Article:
International Child Abduction

Hague Convention Applications and Consent

There are many families living in Canada with international roots. It’s not at all uncommon to have families where one parent is from one country and the other from somewhere else. When this can become problematic, however, is upon the breakdown of the marriage—especially when children are involved.

We see many cases where, upon separation, one spouse decides to travel with the children back to their home country, either to visit with family or for the purposes of a vacation. In many cases, the other spouse signs their consent to allow this international travel to take place. Where things become problematic, however, is when that spouse who is now in another country with the children, decides they want to stay (i.e. relocate permanently) in contravention of their custody/access rights.

At this point the parent who is back home in the children’s country of habitual residence may begin to panic. In order to bring the children back, this parent must now file a Hague Convention Application.

The Hague Convention on the Civil Aspects of International Child Abduction is an international agreement used by lawyers to help protect children who are abducted or withheld wrongfully in a country other than that of their habitual residence. This application is only valid if the country of residence and the country where the children are being held are part of the Hague Convention, of which nearly 100 countries are members.

In order to file an application to the Hague Convention for the return of a child/children, the individual must contact an experienced lawyer. We at the Rogerson Law Group have years of experience in such cases, representing parties where children are wrongfully being detained in countries around the world as well as here in Canada.

How it works

As your lawyer, we will contact the central authority in the country where you are a habitual resident and assist you in filling out an application form which will be sent to an authority in the country where your children are being held. A lawyer in that country must also be enlisted to file the return order locally. We have partnerships with lawyers around the world to assist in this manner.

Why Consent is so Important

What many parents fail to realize is that they have a choice when providing consent for their child/children to travel with their spouse. Time limited consent allows one parent to travel with the children for a predetermined amount of time, (i.e. a few weeks for a vacation, a few months for the summer, etc.). When the limits of this consent are up, the parent must return with the children.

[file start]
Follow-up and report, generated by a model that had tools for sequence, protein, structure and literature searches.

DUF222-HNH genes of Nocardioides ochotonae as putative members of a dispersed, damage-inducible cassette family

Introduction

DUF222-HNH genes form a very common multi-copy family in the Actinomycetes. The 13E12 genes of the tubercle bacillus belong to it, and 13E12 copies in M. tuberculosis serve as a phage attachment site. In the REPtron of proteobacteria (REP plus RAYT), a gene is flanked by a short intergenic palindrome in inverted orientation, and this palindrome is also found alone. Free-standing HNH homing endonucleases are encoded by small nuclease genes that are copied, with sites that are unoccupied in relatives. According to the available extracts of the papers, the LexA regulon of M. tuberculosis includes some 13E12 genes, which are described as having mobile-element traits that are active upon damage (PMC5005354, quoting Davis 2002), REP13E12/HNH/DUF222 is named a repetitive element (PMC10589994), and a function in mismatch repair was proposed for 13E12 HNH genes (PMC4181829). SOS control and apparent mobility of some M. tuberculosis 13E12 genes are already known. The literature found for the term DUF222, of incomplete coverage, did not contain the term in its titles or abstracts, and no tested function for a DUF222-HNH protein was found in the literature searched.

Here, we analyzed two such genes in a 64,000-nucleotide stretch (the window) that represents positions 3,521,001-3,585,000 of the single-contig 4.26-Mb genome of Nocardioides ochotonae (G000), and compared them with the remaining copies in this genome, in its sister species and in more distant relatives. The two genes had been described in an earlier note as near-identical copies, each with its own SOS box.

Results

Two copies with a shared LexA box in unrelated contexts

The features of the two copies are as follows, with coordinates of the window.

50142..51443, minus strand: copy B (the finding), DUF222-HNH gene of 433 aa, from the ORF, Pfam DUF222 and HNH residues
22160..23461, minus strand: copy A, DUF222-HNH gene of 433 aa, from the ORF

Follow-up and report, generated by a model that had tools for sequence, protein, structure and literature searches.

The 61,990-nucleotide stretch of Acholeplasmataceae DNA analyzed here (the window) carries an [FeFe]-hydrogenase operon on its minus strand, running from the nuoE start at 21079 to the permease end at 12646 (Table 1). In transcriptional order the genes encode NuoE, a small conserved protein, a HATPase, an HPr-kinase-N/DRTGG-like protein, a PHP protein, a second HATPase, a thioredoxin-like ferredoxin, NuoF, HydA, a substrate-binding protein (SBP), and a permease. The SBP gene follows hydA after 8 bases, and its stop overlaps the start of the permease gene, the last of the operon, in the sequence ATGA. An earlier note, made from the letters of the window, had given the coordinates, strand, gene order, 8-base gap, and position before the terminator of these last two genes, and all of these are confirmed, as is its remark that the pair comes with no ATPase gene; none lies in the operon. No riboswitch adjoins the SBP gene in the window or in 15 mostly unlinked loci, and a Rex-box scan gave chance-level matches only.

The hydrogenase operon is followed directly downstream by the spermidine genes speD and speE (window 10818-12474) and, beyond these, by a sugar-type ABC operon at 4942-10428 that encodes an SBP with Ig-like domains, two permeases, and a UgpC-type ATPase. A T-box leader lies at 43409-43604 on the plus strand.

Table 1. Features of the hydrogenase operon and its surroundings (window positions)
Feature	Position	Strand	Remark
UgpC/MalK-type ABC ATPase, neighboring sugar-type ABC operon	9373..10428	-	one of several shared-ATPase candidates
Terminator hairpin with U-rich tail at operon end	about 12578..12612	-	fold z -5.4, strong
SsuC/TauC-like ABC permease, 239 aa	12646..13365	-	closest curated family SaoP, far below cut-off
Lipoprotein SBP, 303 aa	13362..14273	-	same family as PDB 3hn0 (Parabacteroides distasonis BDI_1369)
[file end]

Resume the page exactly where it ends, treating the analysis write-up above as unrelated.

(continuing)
If you’re concerned about the nature of your relationship in any way, it’s always advisable to enlist the help of a lawyer when signing consent for travel. We will help ensure you’re providing time-limited consent and that it’s drafted in such a way that it prevents a Hague application – if one were to be required – from being refused.

*Article 13 of the Hague Convention states that if a parent has consented or acquiesced to the removal of the children from their country of habitual residence then the return order can be denied.

In some cases, the child’s country of habitual residence is not so clear cut. For example, many families split their time between more than one country, have property or close family in more than one country, and travel with their children extensively. In these cases, it’s often harder to rule where the children’s habitual residence is.

Office of the Children’s Lawyer v. Balev

In April 2018 the Supreme Court of Canada ruled in an international treaty about the meaning of the words: “courts should look at all relevant circumstances to determine a child’s ‘habitual residence’.” You can read more about this case here. Essentially, it determined that courts must look at the child’s complete situation (i.e. their integration into the community, proximity to family, etc.), not just the intentions of the parents, when making this decision.

Historically, where the parents decided the children would live on a permanent basis (the parents’ intentions) was held in the highest regard. With this new ruling, the courts must now apply a hybrid approach to interpret the circumstances around the children’s connection to each community (i.e. enrolled in school, access to friends, family, the children’s wishes, etc.)  to determine their habitual residence.